Hours Before COVID Diagnosis, Trump Condemned Proud Boys, White Supremacists

Trump Oct 1

Getty/Mandel Ngan President Trump, pictured on October 1 returning from his Bedminster golf club. He later tested positive for coronavirus.

Just hours before President Donald Trump announced that he and First Lady Melania Trump had tested positive for coronavirus, his last live public statement was telling Sean Hannity explicitly that he condemns the Proud Boys, the Ku Klux Klan and all white supremacists.

Trump made news when he failed to explicitly condemn the groups at Tuesday’s debate with former Vice President Joe Biden. Instead, Trump told the Proud Boys to “stand back and stand by,” which many — including the Proud Boys themselves — took as an endorsement or order, rather than a condemnation.

Here’s what you need to know:


Trump Did a Friendly Interview With Fox News’ Sean Hannity & Said He Condemns the Proud Boys & ‘All White Supremacists’

Interview: Sean Hannity Interviews Donald Trump Live Via Telephone – October 1, 2020Sean Hannity interviews Donald Trump on the television for Fox News Channel's Hannity on October 1, 2020. Uploaded to YouTube for archival purposes by Factba.se (factba.se)2020-10-02T04:11:28Z

Trump sat for a 20-minute live interview with Fox News’ Sean Hannity, a supporter of the president, at 9 p.m. Thursday. At 10:44 p.m., Trump announced that adviser Hope Hicks had tested positive for coronavirus, and about two hours later, Trump broke the news that he and the first lady were also positive.

At the interview’s outset, Trump said he wanted to clear up the white supremacy issue. At the debate, Trump said, “I made a statement that, according to most, was a perfect statement.”

“But I’ve said it so many times even beyond that,” Trump continued. “No matter what you say, they’ll just keep going, going, going. You know, Biden did the 1994 crime bill. That’s the super predator bill, so he did the super predator bill when you look at it. But … no matter what you say it won’t make any difference.”

Trump was referring to a crime crackdown bill partially authored by Biden in 1994, which led to an increase in mass incarceration. The “super predator” quote is actually attributed to Hillary Clinton, however, not Biden.

“I have to say I’ve said it so many times, but let me be clear,” Trump continued. “I condemn the [Ku Klux Klan]. I condemn all white supremacists. I condemn the Proud Boys. I don’t know much about the Proud Boys, but I condemn that.”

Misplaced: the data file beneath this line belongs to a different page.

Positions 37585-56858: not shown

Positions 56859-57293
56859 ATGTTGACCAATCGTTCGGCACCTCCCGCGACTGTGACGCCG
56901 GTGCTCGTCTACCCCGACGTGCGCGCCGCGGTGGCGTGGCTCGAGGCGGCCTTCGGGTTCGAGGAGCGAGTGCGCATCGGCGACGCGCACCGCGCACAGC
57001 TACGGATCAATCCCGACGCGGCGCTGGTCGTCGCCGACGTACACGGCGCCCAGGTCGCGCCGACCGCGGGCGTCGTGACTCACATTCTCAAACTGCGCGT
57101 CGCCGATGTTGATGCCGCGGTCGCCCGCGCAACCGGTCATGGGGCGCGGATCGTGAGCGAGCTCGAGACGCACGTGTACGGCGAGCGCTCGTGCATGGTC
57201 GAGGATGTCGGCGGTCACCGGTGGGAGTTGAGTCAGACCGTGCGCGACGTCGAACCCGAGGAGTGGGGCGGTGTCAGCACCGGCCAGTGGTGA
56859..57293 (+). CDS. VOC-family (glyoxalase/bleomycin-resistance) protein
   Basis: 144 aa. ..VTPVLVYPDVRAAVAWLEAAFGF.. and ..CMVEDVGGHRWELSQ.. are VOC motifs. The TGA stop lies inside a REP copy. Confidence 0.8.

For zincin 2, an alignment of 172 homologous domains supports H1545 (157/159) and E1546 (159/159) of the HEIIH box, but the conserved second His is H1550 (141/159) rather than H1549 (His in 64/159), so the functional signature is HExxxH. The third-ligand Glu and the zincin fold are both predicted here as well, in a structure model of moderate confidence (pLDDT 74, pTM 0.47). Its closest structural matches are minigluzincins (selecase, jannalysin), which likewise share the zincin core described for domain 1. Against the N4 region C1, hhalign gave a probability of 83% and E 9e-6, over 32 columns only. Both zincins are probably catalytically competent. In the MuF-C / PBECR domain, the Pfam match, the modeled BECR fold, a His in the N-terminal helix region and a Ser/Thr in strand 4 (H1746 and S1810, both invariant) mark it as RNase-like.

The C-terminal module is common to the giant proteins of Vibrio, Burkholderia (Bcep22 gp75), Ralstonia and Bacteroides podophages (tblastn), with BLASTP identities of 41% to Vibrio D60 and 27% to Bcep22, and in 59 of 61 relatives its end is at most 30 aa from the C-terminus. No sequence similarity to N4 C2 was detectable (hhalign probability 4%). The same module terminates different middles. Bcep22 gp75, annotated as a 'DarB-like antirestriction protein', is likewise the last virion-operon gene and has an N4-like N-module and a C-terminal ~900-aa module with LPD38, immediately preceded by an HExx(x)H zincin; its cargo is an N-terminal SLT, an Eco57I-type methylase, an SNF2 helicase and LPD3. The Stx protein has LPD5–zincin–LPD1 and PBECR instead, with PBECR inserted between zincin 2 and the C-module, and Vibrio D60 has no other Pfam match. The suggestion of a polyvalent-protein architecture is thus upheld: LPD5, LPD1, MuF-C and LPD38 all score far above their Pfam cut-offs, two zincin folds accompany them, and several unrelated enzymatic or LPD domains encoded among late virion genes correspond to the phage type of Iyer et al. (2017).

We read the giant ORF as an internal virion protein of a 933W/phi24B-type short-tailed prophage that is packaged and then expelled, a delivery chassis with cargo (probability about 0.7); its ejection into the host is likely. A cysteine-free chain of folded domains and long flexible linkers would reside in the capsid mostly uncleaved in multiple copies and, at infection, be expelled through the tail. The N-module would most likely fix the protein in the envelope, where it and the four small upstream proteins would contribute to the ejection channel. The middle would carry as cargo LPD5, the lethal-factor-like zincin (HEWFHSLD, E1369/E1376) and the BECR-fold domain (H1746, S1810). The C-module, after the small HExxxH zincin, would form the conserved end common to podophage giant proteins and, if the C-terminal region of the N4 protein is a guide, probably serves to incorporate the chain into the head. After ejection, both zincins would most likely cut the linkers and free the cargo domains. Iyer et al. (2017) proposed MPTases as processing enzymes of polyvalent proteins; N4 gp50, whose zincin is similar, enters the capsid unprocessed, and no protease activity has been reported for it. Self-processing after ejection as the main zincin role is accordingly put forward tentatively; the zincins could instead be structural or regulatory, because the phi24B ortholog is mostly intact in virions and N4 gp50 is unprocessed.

Trump Also Said That Biden Should Condemn Antifa, Which He Called a ‘Horrible Group of People’

GettyA man stands on a Nazi flag and an ANTIFA flag as demonstrators gather near the site of a planned speech by white nationalist Richard Spencer, who popularized the term ‘alt-right’, at the University of Florida campus on October 19, 2017 in Gainesville, Florida.

Trump did not stop after explicitly condemning the Proud Boys and white supremacists, following intense bipartisan political pressure, however. He also insisted that Biden condemn antifa.

“But he should condemn also antifa,” Trump said. “Antifa is a horrible group of people. They kill people, what they do to people, they’re causing insurrection. They’re causing riots. But he doesn’t want to do that.”

At a congressional hearing in mid-September, FBI Director Christopher Wray said that antifa is not an organization, let alone a terrorist organization, despite Trump’s promise to designate the ideology, along with the KKK, as a terrorist organization. Wray testified that white supremacist-aligned groups are the greatest domestic threat to homeland security. “It’s not a group or an organization. It’s a movement or an ideology,” the Associated Press reported.

White House physician Sean Conley most recently announced that the Trumps were well, and that the president would continue to discharge his duties from quarantine.

Friday morning, The New York Times reported that Trump was seen with mild, cold-like symptoms the day before, appearing lethargic at a fundraising event.

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